FOOD


Once upon a time, ship dining meant you would have been faced with a line around the corner for a bog-standard buffet. But today’s onboard food offerings are a far cry from what you would have found on P&O’s Fairstar.

One fine example is the partnership with celebrity chefs who have their own bespoke restaurants onboard ships. In local waters, Australian celebrity chef Curtis Stone has teamed up with Princess Cruises to create SHARE, a share-style venue featuring the best Australian produce; elsewhere, Luke Mangan has a long-standing relationship with P&O Cruises Australia and has Salt grill onboard the entire Aussie fleet. On international fleets, famous Japanese chef Nobu Matsuhisa, renowned for his delicate flavours, has speciality restaurants aboard Crystal Cruises ships, while on Dream Cruise’s Genting Dream, Sydney chef Mark Best combines Western and Asian flavours at Bistro.


If, having sampled delicious meals on your cruise, you want to learn how to cook some of those delicious recipes, many lines, including Windstar, Oceania Cruises and APT, offer dedicated food cruises. In Ho Chi Minh City on an APT Mekong cruise, Vietnamese-Australian chef Luke Nguyen will take you ashore to the produce markets he so fondly remembers and include a visit to his aunt who still works in the market.


These days, there are are just as many watering holes aboard cruise ships as there are restaurants. On certain Norwegian Cruise Line ships, you can drink at the Svedka Ice Bar, where the specialties include the famous Inniskillin ice wine and Svedka citrus vodka and where you can sit on an icy throne and drink from ice glasses. For a bit more fun, Royal Caribbean’s Quantum- and Oasis-class ships offer the Bionic Bar, where cocktails are shaken and stirred by robotic arms. Just key in your order and the robotic bartender will make your drink.

ACTIVITIES


The days of skeet-shooting off the back of Fairstar are gone. There are now activities that cater to everyone of all ages. Whether you like thrill seeking activities like zip lining across your ship or spending the day getting pampered in the spa, modern day cruise ships have it all.


The lines are continuously innovating new ways to keep guests entertained onboard and many ships have become destinations in themselves. On Norwegian Encore and Bliss, there’s a two-storey go-kart racetrack where guests can race against one another, while the P&O fleet has P&O Edge, an adventure park where guests can try their hand at ziplining, Segway rides, trampolining and more. On Royal Caribbean ships, guests can catch a wave on the surf simulator, slide down one of the steepest slides in the world (The Ultimate Abyss, shaped like a terrifying angler fish), or get blown away by the iFly sky-diving simulator.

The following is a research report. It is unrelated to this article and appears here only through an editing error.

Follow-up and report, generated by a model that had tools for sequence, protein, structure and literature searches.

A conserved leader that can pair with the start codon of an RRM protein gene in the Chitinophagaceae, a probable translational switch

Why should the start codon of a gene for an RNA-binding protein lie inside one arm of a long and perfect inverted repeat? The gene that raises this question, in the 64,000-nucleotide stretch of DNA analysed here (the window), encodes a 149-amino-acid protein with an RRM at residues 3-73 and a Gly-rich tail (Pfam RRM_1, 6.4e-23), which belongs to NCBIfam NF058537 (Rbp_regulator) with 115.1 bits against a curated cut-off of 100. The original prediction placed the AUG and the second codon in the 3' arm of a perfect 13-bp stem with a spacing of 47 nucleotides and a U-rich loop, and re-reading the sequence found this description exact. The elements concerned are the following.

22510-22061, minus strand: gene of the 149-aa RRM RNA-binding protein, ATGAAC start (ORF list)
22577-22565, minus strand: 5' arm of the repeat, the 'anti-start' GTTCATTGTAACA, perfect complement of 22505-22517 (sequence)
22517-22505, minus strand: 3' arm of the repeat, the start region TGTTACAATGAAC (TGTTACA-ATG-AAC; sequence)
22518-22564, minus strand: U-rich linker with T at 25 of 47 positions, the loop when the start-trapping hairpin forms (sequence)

On the flip side, for a bit of rest and relaxation, most cruise lines offer excellent pampering services. Celebrity Cruises has one of the largest spas at sea; on Celebrity Solstice, which regularly sails in Australian waters, guests can rest in the Persian Garden thermal suite, which has hot and cold rooms, spa services and a Turkish bath.


Seabourn has four penthouse spa suites aboard Seabourn Odyssey for guests wanting a spa vacation at sea. The 50-square-metre luxury suites each have an expansive private verandah and a spiral staircase leading to the spa lobby. Guests staying in these suites have unlimited access to the spa’s relaxation areas and amenities, and the services of the spa concierge.


There are plenty of things to do to beat the bulge onboard your ship. Norwegian Cruise Line’s Fight Klub, available on Breakaway-class ships, is a group boxing class using punching bags, while Royal Caribbean’s Freedom- and Oasis-class ships offer boxing lessons with an experienced coach in a full-size ring for an extra fee. Yoga, Pilates and morning stretching classes are offered by many cruise lines, including Celebrity Cruises, which offers a special program with seven different types of yoga. If you’re into dancing, P&O Cruises, Royal Caribbean, MSC Cruises, Cunard and Princess Cruises offer ballroom dancing classes, while on Royal Caribbean’s Quantum-class ships, you can fly through the air at circus school and Cunard will let you try your hand at fencing in the main ballroom.

ENTERTAINMENT


Big lights, bright city – no it’s not New York, it your cruise ship, where Broadway-style shows are a perennial hit. Princess Cruises, for example brought Tony Award-winning director and producer Stephen Schwartz onboard to create a special show, called Magic to Do, exclusively for the line.


But the entertainment aboard cruise ships is changing. While Broadway shows are still popular, cruise lines now have innovative showcases that go above and beyond what you’d expect at sea. On P&O’s Pacific Explorer, Love Riot, created by Scott Maidment, is a risqué burlesque show that includes circus performances, sexual innuendo and dancers dressed in tight latex bodysuits playing with dildos and blow-up dolls.


On Royal Caribbean’s Oasis-class ships, guests can watch divers leap from platforms 60 feet in the air into tiny pools of water at the Aqua Theatre, where they also perform amazing synchronized routines underwater. Also on certain Royal Caribbean ships is the amazing Two70 theatre where performers sing and dance against a state-of-the-art backdrop.